A jury was unable to reach a verdict in the trial of Detroit Police Officer Joseph Weekley accused of shooting 7-year-old Aiyana Stanley Jones. Unfortunately, the rescheduling of a new trial begs the question of whether there is a double standard when it comes to police justice.
Officer Weekley led the raid in search of suspected murderer Chauncey Owens. After entering the home of the suspect, Weekley’s gun discharged killing Aiyana as she slept on the living room couch. Weekley was charged with manslaughter and reckless discharge of a firearm causing death.
Weekley said the child’s grandmother reached for his weapon, which she denied. That turned out to be the sticking point that resulted in a hung jury.
By any measure, this is a tragic incident. Everyone can empathize with the family of the young victim and their desire for justice. I’m not in a position to determine who deserves justice. Facts and conclusions are always debatable in the face of so such emotion.
I question, though, whether this is another instance in which a white police officer (Weekley) is prosecuted for killing a black citizen (Aiyana) when black officers have killed Detroit residents pretty much with impunity.
The case that quickly comes to mind is the 1990s death of Malice Green. Less than 24 hours after Green, a black resident suspected of possessing drugs, was bludgeoned to death with heavy metal flashlights, then-Police Chief Stanley Knox suspended without pay every officer involved in the incident. So swift was the chief’s action that it was widely interpreted as convicting the accused before all the witness statements were submitted. Then-Mayor Coleman Young immediately branded them “murderers.”
Officers Walter Budzyn and Larry Nevers were tried and convicted of second degree murder. Another officer, Robert Lessnau was charged with assault with intent to commit great bodily harm but was acquitted. All three officers were white, but Chief Knox dismissed any implication that race had anything to do with his decision.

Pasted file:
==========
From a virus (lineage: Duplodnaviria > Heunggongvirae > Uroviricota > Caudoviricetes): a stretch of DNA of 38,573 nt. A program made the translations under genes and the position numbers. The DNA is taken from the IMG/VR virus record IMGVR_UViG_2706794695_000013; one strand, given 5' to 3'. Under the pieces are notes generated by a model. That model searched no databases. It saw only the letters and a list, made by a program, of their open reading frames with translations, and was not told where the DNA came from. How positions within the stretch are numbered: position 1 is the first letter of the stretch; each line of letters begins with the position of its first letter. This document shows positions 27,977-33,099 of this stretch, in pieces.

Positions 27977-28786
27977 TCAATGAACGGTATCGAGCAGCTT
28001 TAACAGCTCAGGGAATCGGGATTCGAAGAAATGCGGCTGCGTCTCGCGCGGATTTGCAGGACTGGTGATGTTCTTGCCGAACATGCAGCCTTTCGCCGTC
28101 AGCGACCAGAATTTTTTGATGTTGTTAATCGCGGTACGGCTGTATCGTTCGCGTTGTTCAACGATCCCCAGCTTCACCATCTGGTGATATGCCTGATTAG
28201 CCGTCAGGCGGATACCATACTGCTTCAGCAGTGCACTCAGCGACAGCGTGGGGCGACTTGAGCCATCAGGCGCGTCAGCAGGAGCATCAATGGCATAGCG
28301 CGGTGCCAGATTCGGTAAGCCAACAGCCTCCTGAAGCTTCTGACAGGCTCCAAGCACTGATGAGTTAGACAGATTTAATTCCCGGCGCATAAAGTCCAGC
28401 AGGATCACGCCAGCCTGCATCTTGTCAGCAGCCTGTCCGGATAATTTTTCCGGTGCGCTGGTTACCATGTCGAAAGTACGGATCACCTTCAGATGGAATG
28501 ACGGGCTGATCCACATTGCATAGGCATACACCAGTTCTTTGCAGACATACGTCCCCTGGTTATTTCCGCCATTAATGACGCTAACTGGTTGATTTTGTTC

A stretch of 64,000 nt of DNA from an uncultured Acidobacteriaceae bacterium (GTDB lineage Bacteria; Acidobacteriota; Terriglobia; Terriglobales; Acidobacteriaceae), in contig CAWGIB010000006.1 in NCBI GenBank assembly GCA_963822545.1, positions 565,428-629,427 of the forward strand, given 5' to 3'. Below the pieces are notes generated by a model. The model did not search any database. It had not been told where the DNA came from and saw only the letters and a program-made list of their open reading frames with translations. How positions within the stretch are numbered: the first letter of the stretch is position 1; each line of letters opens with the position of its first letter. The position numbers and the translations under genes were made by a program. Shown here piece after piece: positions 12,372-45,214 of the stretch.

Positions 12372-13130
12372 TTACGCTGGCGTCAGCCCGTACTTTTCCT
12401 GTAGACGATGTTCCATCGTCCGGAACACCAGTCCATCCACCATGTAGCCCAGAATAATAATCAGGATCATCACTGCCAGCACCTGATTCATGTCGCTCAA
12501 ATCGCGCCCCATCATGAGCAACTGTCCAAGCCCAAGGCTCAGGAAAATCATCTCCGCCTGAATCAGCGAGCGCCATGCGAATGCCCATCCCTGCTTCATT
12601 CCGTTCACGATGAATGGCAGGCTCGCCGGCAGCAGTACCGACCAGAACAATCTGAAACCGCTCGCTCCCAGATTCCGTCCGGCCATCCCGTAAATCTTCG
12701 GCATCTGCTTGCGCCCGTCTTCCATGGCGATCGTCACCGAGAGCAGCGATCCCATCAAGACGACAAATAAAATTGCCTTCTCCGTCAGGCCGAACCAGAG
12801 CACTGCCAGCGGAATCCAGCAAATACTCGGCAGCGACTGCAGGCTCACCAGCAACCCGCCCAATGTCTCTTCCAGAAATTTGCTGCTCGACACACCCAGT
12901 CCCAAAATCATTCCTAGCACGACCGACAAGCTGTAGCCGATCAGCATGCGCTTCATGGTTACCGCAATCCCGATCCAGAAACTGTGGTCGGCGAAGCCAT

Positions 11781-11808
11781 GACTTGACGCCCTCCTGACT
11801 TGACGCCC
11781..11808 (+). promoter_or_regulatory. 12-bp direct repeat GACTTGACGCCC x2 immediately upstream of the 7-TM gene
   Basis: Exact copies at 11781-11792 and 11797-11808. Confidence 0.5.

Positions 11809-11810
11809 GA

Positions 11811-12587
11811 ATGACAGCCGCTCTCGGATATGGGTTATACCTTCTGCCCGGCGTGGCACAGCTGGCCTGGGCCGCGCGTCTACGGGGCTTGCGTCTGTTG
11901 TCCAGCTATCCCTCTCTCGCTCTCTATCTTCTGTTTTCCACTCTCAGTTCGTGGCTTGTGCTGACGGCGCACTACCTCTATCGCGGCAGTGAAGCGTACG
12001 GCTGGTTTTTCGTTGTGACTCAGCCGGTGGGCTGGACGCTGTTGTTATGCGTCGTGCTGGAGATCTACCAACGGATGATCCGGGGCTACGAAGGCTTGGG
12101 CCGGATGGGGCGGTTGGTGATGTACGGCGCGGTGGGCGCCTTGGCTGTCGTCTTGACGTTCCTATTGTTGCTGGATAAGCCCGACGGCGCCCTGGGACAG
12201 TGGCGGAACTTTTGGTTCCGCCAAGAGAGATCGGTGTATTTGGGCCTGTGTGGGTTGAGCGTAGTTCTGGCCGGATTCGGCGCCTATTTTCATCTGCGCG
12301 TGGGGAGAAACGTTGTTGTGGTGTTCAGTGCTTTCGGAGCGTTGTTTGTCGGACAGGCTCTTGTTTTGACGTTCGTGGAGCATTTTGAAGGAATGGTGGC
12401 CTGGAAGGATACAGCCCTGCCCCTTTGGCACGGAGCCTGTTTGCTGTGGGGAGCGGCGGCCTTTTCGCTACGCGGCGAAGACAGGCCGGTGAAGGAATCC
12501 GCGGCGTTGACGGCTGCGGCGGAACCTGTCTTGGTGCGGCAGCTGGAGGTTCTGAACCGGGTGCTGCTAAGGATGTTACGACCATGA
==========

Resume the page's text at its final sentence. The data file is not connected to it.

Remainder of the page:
There are, of course, differences as well as similarities in the Malice Green and Aiyana Jones cases. Arguably, a case was brought against Budzyn, Nevers and perhaps Weekley to counter the potential for public outrage and violence that might have erupted in the black community. Is a different standard applied in deaths in which the officer and the victim are black?
I wrote for The Detroit News during the Malice Green trial and reported on numerous cases in which black officers had committed fatal assaults on citizens. The actions of these cops rarely made the news or resulted in a public outcry. The few who faced prosecution almost always beat the rap.
It has yet to be shown conclusively that the trial of Officer Weekley was unfair or motivated by a bias against or toward white cops. The racial makeup of his jury, for example, only included one black male. Was that a factor in the mistrial?
The danger is that such prosecutions could have a chilling effect on how police officers carry out their responsibilities. If they suspect they don’t have support from the public for the dangerous work they are called upon to perform, it could be ruinous to the city’s already delicate social bonds.
In the meantime, it would be unwise for anybody to jump to conclusions. Too much is at stake. No matter how it turns out, residents of Detroit should understand just how valuable an asset an effective police department is. All too often we ask cops to go into some of the city’s worse neighbors and root out some of society’s most menacing predators. Sometime accidents happen.
Detroiters deserve reassurance from all parties – from Prosecutor Kym Worthy who headed up the Malice Green trial to impaneled juries — that the administration of justice is not shaded by color or the politics of the moment.